Farmers market bounty extends to hungry kids
Nine-year-old Cole Blackaby digs into a piece of chocolate cake like he has never tasted such a treasure. He had just met the requirements of at least tasting every food item on his plate to earn the coveted dessert.
Cole didn’t know that the cake was partially made with zucchini. From the look on his face as he devoured every morsel, it didn’t matter.
Cole did know something about Hungry Kids Café, however.
“Free food,” he declares when asked his favorite thing about The Farmers’ Market on the Square, which hosts the café in Columbia, the seat of rural Adair County.
Café coordinators expect to serve more than 2,500 meals this summer, offered free every Saturday to all children and students, even college age, which is good news for students from Lindsey Wilson College. The main campus is within walking distance of the farmers market.
The vision of serving free breakfast and lunch to children came about three years ago when market coordinators noticed two little boys who frequented the market and sampled all the free food vendors made available. They wondered if the boys had food on other days when the market wasn’t open.
“We have so many kids who really rely on school meals during the year,” says Hungry Kids Café coordinator Lois Cunningham. “We would see these kids who would walk around and they couldn’t buy anything.”
Cunningham has been involved in the free meals program since its inception, but this will be her first year as coordinator. She says the program is not just about free food—it’s also about teaching young people that healthy food can be tasty, too.
“I love seeing their faces and getting hugs and hearing them say, ‘This is really good!’” Cunningham says. “That is the only thing important to me—the kids.”
Volunteers started out working with federal programs, but quickly learned they had their own ideas and began asking the local community to help fund the café. Now, the program relies completely on local donations.
This year, Hungry Kids Café—a new name for the program—went from a mobile trailer to a permanent building in the corner of a city parking lot where the market is held.
“I got enough donations to pay for the building,” Cunningham says. The city of Columbia gave approval for the location and ran the necessary utility lines for it to operate for the 2018 market season. “I’ve got so many people saying, ‘Can you use this?’ or, ‘Do you need that?’ I am getting donations from everyone,” Cunningham says.
While Hungry Kids Café is an important complement to The Farmers’ Market on the Square, the market itself is as much an entertainment destination as it is a place to find fresh food. It’s been compared by some with markets in large metropolitan areas because of its variety and atmosphere.
Seven-year-old Kasey Blue Kessler, who goes by KB, attends the market most weekends with his parents, Eddie and Tiffany Kessler.
“My favorite food at the market is homemade cinnamon bread,” KB says. He’s also learning a few things about where his food comes from, too: “I really like the farmer who sells the different color chicken eggs. He told me they turn out that way because chickens eat all kinds of bugs and plants around his farm.”
The market is the center of social gatherings during the summer, even for young marketgoers.
“It’s fun and I get to see my friends,” says 9-year-old Emma Burton.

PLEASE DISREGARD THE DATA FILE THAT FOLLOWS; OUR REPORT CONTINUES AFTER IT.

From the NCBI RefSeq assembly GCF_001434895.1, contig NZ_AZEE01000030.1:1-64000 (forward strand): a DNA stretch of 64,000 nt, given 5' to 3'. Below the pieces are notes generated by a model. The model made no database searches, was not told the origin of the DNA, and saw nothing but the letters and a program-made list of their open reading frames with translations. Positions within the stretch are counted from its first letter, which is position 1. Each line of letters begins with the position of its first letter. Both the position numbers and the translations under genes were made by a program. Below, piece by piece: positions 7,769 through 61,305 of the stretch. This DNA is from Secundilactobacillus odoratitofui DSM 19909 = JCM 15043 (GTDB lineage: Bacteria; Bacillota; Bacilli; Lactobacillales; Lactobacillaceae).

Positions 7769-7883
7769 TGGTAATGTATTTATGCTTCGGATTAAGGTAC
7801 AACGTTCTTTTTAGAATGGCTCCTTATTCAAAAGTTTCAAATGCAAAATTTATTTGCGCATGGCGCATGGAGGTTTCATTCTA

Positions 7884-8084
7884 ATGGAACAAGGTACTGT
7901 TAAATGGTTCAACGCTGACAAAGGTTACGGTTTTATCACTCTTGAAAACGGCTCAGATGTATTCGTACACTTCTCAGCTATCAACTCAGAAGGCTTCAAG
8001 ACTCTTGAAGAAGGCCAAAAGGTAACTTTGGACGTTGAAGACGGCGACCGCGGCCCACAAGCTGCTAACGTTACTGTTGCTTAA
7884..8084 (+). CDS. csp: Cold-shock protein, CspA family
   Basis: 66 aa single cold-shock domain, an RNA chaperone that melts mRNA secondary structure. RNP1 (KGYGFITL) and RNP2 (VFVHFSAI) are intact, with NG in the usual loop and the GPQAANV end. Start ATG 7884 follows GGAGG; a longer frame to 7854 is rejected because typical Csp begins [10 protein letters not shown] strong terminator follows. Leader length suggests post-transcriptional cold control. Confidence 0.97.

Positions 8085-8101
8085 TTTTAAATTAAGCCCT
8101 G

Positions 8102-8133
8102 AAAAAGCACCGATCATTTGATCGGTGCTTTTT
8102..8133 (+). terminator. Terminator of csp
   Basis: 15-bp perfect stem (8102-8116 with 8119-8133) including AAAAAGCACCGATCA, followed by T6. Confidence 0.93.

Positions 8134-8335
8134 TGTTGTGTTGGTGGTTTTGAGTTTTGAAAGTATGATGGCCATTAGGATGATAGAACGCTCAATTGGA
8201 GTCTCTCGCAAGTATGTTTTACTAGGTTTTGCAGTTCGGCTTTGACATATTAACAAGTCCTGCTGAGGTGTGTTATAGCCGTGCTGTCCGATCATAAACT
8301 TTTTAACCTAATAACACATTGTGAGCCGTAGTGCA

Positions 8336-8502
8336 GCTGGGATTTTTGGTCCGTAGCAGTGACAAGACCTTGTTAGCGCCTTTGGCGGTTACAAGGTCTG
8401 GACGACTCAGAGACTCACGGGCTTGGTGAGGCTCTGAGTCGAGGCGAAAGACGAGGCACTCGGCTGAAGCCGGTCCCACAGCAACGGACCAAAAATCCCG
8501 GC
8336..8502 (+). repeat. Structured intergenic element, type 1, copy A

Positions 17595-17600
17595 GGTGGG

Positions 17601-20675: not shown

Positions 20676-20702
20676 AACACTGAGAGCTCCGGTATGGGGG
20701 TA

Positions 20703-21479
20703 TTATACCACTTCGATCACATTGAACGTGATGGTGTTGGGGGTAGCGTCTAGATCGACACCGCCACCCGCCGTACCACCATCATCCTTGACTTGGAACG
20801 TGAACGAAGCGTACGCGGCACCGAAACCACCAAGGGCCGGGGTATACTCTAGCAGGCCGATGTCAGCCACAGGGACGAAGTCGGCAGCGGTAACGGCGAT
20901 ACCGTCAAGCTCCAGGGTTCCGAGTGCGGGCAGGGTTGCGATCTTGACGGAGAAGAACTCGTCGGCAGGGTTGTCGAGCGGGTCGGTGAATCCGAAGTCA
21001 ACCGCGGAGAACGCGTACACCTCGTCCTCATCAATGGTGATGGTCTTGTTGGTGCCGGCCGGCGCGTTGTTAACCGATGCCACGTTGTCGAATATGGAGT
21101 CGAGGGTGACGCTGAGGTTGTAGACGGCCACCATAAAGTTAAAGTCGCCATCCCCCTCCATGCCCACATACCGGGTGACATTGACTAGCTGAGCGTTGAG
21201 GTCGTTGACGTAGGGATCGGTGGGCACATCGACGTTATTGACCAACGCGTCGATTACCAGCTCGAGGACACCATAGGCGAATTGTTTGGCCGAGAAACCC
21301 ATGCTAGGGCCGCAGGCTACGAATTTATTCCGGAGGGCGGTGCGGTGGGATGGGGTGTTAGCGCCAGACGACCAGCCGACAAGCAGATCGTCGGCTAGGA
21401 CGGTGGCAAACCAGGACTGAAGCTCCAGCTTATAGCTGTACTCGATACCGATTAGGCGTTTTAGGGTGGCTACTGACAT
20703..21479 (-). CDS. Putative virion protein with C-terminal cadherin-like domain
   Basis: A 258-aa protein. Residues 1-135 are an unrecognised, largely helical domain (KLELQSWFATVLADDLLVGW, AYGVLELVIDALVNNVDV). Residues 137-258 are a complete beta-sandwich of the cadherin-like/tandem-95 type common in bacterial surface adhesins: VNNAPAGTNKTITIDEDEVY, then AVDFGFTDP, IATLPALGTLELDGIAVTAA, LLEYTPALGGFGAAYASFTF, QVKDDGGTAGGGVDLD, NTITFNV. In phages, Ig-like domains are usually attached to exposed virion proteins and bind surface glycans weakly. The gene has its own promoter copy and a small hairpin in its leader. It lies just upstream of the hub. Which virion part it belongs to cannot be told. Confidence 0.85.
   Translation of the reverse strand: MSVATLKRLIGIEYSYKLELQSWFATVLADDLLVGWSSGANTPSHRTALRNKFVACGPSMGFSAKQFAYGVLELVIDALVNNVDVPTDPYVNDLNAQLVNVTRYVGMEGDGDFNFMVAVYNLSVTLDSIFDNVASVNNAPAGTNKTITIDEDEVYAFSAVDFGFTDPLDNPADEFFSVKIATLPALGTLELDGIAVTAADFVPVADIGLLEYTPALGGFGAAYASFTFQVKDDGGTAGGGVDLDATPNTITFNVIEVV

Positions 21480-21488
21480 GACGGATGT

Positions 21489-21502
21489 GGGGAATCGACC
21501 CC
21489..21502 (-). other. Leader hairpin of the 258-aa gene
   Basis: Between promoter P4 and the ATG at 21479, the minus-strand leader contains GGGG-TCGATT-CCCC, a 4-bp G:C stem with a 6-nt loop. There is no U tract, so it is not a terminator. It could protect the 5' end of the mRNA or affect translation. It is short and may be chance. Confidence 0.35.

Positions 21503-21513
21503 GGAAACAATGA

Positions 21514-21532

Market coordinator Donna Jones says the market is offering several social functions this year, including two days of “Meet the Candidates.”
“We give them each time to talk and it’s a chance for candidates to mingle with the community crowd,” Jones says.
Waffle Street, a vendor at the market, sells authentic Belgian Liège waffles made from a yeast dough ball with Belgian pearl sugar. The delectable waffle is a major topic of conversation around Columbia, especially on days like a recent Saturday when one person showed up and bought the entire inventory, leaving other patrons to wait until next time.
They were able to satisfy their taste buds, however, by stepping down a couple of booths and enjoying a wonderfully prepared rib-eye steak sandwich.
Vendors offer fresh produce as well as local meats and eggs. There are often local crafts, candles and an array of fun items to purchase. On one June weekend, Kids Nutrition Day promises something free for children at every booth. Youngsters make smoothies, paint pictures of fruit, and take home a plate that displays food portions and proper choices.
This is what Cole Blackaby’s older sister, Bella, likes best about the market.
“We get to do activities,” the 11-year-old says. Cole and Bella hope to spend every Saturday morning at the market during the summer with their grandparents, who operate Blackaby Hill Farm and sell meat and eggs. During the early marketing season, they sell bedding plants and then sell fresh produce when it’s ready.
The market was held on the public square, but moved last year just a short distance north on Campbellsville Street to a city parking lot that provides more space and easier access.
The market is open Saturdays from 8 a.m. until 1 p.m. and Wednesdays from noon until 5 p.m. on the corner of Campbellsville and Merchant streets next to the Judicial Center. The market participates in the federal Senior and WIC farmers’ market nutrition programs and offers its own “Kids Bucks,” where children are given $4 in Kids Bucks to purchase fruits or vegetables.
For more information on farmers markets across the state, visit www.kyagr.com/marketing/farmers-market.html. For more fresh produce and other foods, there may also be Kentucky Certified Roadside Farm Markets in your area. For more on roadside markets, visit www.kyfb.com/federation/markets.